"To have good neighbors, you need to be good neighbors," exclaimed speaker Kathy Kunkel, Manager, South Ward Neighborhood Committee.

Residents, business members and representatives from a number of Tamaqua organizations showed up Tuesday evening to participate in the Tamaqua Safety Initiative's public forum held at the Tamaqua Community Arts Center.

The discussion, a follow-up to the first meeting, primarily revolved around safety and improvement issues concerning the Initiative's designated Safety Corridor, which includes immediate areas northeast of the Five Points intersection and the 100 blocks of Center Street and Pine Street. Leona Rega, Safety Initiative coordinator, pointed out that in addition to informing and educating everyone concerning the Tamaqua Safety Initiative, residents and partners were asked to come back and take a closer look at the results of what they identified as concerns and needs and talk about what has already been developed by community organizations.

She stressed that the Safety Corridor is only the first area in Tamaqua they will be focusing on over the next few years. "We'll eventually continue using what works here in other areas of Tamaqua," added Rega.

"Some of the most serious health problems and injuries may start in the home," said Safety Initiative Health Navigator Lauri Price, RN, CTTS, St. Luke's Hospital. "Our Healthy Home Program was created to identify and correct these problems."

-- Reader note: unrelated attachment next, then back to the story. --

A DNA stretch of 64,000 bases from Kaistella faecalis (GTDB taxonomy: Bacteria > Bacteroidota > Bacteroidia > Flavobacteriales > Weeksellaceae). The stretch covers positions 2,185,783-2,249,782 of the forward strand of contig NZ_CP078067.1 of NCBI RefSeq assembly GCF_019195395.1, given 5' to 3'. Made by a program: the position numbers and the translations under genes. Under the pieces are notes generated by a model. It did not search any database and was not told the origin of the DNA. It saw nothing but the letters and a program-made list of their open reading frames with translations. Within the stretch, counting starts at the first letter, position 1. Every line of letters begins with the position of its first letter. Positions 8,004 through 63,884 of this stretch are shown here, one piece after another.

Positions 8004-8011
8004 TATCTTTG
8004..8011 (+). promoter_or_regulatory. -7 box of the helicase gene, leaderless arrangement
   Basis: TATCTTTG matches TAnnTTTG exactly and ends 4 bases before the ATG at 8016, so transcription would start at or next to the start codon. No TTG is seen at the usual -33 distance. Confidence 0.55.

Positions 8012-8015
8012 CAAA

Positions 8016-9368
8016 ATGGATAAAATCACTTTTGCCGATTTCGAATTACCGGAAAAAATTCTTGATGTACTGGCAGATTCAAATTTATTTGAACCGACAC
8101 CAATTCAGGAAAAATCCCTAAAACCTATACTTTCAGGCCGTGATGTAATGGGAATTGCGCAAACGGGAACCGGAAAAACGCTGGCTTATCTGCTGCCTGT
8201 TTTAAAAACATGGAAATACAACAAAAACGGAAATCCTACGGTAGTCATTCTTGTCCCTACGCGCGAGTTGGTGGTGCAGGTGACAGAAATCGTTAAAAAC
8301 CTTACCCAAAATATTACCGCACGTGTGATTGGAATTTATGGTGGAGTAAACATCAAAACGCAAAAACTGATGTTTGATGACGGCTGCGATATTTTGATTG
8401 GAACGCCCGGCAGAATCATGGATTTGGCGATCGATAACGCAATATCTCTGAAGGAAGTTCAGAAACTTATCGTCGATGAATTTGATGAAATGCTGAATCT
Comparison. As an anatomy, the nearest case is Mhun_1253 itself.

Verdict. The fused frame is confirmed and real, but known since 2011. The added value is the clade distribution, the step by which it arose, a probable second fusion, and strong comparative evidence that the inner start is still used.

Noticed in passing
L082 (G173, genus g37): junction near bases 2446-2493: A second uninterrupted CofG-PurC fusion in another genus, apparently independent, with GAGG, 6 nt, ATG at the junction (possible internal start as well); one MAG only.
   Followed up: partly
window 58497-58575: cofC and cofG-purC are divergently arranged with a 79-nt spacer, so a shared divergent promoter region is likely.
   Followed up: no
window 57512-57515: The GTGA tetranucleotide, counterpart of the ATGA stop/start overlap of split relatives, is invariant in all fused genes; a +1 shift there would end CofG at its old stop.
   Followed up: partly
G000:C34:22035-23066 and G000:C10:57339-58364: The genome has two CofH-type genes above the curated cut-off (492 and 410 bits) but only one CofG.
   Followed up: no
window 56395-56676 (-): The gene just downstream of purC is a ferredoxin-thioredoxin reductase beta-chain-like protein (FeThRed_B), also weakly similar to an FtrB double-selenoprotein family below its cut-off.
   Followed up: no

George Taylor, Tamaqua Area Faith Fellowship Network, spent time going over survey results regarding a community-wide survey given in October to Tamaqua businesses and residents. Taylor noted that the safety concerns are similar from neighborhood to neighborhood.

Tamaqua Police Chief Dave Mattson presented a safety video during the forum. The video, along with several other related videos, can be found at www.tacp.info.

Rega added that they are in the process of starting two community-minded projects devoted to identifying daytime and nighttime areas of concern and praise. The daytime project will involve residents taking photos of key areas that don't feel safe or that are safe and inviting. The nighttime project will involve residents marking down areas of low visibility. Anyone living or working in the corridor and wanting to get involved in either project, can show up on at the Tamaqua Community Arts Center, 125 Pine Street, on Thursday January 24 at either 3 p.m., for the daytime camera project, or 7:30 p.m. for the nighttime visibility survey.

"Anything we learn and identify as good practices to addressing safety and crime in this area can become future working models for other parts of Tamaqua, stressed Rega, as she pointed out the importance of every Tamaqua resident to get involved. "Everyone's input and participation is important to the future creation and implementation of strategies that can improve the quality of life in Tamaqua."